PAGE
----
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My Aunt lived at 3042 Grand Concourse the 203rd Street stop. The street was Grand not only for its size ( four lanes with a divide) but for its elegance. Aunt Carol had a Baby Grand Piano in her apartment. We traveled down town to Broadway Theatre Shows wearing cardigan sweaters and white kid gloves. Now the Concourse is not so grand with bedding hanging out apartment windows, I  guess to dry.

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I  miss The Bronx and wearing mini- skirts to work at the Plaza Hotel, before Trump owned the landmark hotel. The year was 1968 and I took the D Train to 59th Street then walked five blocks to the Plaza to work as a file clerk, earning sixty dollars a week. Subway tokens were twenty cents each. On pay day, I would buy a roll of ten and save the rest to return to college, which I did after purchasing a gold crepe blouse and matching bell bottom pants at Alexander’s on Fordham Road.

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I still miss The Bronx and our fifth floor walk-up apartment. We took our kids on the D Train to Radio City Music Hall, the Bronx Zoo every Tuesday, the free day and of course a Sunday walk through the Botanical Gardens.

. . . . just saying

 

 

The Horse That Never Won A Race

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Have you heard of the horse that never won? Zippy Chippy is his name. He is a thoroughbred racehorse who ran in one hundred races, has eight seconds and twelve thirds, but never won. However, his tenacity for staying in the race made him a popular horse to watch and voted one of the year’s “Most Intriguing Characters,” by People Magazine in the year 2000.  “Winners don’t always finish first.” became his charge.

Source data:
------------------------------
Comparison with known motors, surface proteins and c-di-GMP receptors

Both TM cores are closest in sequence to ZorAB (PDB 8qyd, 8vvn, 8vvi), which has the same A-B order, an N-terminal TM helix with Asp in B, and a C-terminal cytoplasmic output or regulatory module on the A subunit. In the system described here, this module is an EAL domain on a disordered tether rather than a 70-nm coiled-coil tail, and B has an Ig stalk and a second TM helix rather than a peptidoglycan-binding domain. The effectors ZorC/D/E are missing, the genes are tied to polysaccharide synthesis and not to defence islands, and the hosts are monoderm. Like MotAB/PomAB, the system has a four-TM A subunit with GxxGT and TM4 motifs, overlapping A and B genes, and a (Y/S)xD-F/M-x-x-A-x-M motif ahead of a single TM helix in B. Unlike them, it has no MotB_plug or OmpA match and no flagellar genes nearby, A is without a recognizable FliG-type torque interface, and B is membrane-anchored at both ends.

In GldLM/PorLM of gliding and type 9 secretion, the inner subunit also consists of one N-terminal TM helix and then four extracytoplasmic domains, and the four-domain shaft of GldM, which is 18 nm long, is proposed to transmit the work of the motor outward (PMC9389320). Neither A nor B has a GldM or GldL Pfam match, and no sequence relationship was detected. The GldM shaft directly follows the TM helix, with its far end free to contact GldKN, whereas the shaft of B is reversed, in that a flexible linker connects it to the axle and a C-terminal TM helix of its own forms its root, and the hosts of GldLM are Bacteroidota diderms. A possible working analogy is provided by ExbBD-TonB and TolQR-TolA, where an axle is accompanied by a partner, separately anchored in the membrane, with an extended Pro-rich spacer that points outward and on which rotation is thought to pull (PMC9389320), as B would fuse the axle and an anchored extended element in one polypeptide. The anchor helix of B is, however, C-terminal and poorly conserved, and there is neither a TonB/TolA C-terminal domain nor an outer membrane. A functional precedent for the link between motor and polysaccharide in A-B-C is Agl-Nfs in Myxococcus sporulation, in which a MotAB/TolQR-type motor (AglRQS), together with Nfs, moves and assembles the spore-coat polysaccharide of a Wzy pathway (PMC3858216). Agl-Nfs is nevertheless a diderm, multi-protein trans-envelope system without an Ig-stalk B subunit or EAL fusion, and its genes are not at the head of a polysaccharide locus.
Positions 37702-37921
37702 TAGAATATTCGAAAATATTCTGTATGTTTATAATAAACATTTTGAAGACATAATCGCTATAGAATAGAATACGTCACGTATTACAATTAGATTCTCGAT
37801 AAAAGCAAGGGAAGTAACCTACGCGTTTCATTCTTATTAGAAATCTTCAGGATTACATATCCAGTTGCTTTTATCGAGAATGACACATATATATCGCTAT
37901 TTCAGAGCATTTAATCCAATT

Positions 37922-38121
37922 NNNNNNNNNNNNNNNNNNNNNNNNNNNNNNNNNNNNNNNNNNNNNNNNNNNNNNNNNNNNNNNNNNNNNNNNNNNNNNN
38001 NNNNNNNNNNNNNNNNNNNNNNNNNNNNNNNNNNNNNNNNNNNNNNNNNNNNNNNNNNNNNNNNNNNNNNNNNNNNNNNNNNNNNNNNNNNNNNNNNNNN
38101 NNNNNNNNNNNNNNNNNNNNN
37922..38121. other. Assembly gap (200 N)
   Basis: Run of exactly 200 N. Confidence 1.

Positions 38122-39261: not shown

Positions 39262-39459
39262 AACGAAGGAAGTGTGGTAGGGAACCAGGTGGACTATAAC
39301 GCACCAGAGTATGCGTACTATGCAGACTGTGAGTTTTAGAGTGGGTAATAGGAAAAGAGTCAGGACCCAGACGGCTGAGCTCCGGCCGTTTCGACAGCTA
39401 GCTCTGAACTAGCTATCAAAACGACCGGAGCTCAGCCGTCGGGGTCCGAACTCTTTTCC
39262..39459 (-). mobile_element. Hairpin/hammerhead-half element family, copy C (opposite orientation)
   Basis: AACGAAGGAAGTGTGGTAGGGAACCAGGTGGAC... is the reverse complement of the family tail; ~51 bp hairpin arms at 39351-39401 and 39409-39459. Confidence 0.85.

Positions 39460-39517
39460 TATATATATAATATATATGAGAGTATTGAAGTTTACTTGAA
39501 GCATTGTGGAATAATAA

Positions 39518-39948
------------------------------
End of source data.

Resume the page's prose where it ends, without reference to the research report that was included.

I imagine how he felt showing up at the gate thinking; this race can be won, because I also set New Year goals then fail to achieve them, and like him, come close.

I wanted to lose five pounds, travel more, and write every day in 2018. You could say I took second place, losing and regaining the same five pounds throughout the year, but finished the year at the same weight,  somewhat a winner because I did not gain a pound although my underwear feel tight. My vertigo has improved and I walk crooked only occasionally. I spent three nights in Boston and traveled to Washington D.C.  to see the White House decorated for Christmas.  Melania’s “Red Trees” looked spectacular. I dropped the ball on blogging but started other writing projects.

In 2019, I have the same goals; lose five pounds, travel more, and write every day.

Where is the horse that never won today?

Zippy, retired from racing in 2004, had a brief second career as an outrider’s pony at his  home track in the Finger Lakes. Thanks to his longtime owner-trainer, Felix Montserrate, he currently resides nearby at “Old Friends at Cabin Creeks” where this winner still loves attention from fans and appears happy.

Today is January 6, 2019. There are 359 days left in the year to achieve my goals; lose five pounds, travel more and write every day, or at least finish with a second or third place.